Economics are usually not on my hot topics list to write about or even think about, however recently I came across too many too good articles on the discrepancy between “free” and “open” content (find an incomplete list in the references at the bottom of this post) that make me want to join the conversation.
There was a time, ages ago, when everything was offline and if you want to read an article you buy a newspaper and if you want to listen to music you buy a cassette (or a CD if you are that cool). People were actually much poorer then than we are today and yet they were crazy enough to spend money on things like art or culture.
Not paying for art and information is a big problem in a world where everyone can post information and there is no one to curate it. Curation is something we need more than ever today and yet noone is ready to pay for it. Nevertheless, I fear this is just one symptom of our big big problem.
In a 2010 TED Talk on passion and creativity David Byrne draws an interesting connection between architecture and music. Through the ages, he argues, it was the change in architectural style that induced progress in composing music and stimulated the birth of new genres and musical structures. Each new space has different acoustics and therefore needs a different sound. This direct connection between the two arts, which seemingly have nothing in common, made me wonder if this connection works the other way around as well. Has music influenced and inspired the development of architecture in history? We do know that of all the arts, architecture is the one, which develops the slowest, so whenever a new movement in philosophy, painting or music arises, buildings are the last to catch up and therefore receive heavy influences by all other arts. But music… how?
“Who can still believe the opacity of bodies, since our sharpened and multiplied sensitivity has already penetrated the obscure manifestations of the medium?”¹
Nowadays it is common to talk about the revolution that technology caused in our lives and its profound influence in every field. Of course we mean mostly the digital technology and the revolution that happened in the last decade – the unique circumstances and consequences that surround it. However this is by far not the only technological revolution that our civilisation has seen and neither are its consequences unique.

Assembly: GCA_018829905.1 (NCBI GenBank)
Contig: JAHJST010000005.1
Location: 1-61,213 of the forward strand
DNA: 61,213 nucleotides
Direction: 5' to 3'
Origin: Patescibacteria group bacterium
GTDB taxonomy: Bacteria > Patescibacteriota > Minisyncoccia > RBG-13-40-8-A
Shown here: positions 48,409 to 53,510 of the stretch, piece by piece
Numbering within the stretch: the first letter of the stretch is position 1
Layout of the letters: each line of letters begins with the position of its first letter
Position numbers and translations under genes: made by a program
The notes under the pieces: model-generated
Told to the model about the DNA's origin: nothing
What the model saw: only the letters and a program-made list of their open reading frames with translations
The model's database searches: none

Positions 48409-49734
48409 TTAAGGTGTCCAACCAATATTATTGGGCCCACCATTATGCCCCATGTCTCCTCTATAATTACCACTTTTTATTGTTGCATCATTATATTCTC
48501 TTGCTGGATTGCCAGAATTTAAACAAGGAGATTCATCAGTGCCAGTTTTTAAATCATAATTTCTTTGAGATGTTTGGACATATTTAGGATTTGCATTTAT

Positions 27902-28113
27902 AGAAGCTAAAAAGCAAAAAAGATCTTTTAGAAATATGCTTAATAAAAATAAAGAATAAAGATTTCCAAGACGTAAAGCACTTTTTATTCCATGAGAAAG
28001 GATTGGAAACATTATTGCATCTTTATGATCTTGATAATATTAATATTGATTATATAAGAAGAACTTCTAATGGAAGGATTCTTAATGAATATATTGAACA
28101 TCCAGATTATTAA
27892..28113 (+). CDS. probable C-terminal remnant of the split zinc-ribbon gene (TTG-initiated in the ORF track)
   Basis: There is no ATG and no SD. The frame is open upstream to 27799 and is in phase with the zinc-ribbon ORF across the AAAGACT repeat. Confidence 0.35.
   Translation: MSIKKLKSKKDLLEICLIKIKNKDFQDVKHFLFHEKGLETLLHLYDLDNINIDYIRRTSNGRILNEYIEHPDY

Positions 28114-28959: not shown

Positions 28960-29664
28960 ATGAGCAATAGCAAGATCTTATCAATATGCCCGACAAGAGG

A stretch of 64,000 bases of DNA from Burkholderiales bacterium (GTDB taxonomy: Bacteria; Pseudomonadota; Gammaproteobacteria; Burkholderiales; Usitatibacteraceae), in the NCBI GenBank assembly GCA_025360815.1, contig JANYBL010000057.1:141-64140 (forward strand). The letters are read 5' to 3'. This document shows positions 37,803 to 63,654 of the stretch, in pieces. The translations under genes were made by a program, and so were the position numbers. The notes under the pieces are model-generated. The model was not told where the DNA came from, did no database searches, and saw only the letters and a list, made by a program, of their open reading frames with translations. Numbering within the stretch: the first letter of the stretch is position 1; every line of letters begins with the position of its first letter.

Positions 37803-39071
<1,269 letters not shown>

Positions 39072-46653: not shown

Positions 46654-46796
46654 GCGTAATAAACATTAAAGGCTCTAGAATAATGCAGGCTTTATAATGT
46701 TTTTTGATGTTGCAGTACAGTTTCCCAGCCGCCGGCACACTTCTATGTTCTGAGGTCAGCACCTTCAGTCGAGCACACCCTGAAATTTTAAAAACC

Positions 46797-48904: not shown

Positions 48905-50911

When in the beginning of the 20th century railway and motor cars entered our lives for good, the entire perception of space, time and mainly speed changed. Science explained it, but it was artists who first expressed the altering sensitivity and worldview that was soon to infect us all.
The following is an attempt to grasp the contemporary wide spread disregard for copies and glimpse into a world of future copying, therefore also a world of future originality.
In a study by Angelika Seidel and Jesse Prinz at CUNY (the City University of New York) the researchers told test subjects to imagine that the Mona Lisa was destroyed in a fire, but that there happened to be a perfect copy that even experts couldn’t tell from the original. If they could see just one or the other, would they rather see the ashes of the original Mona Lisa or a perfect duplicate? Eighty per cent of the respondents chose the ashes. That is to illustrate the state of our almost obsession with originals and hate for copies. But this wasn’t always the case. Romans used to copy Greek art, in particular sculptures at an unprecedented rate and that was not regarded as forgery. There are countless roman copies of roman sculptures too – and with each copy a different concept comes to life. So how did we end up here? And where do we go from here – with the rise of digital technology and digital artworks – where is the boundary between original and copy? And when is it a copy we are talking about and when an instance of an object.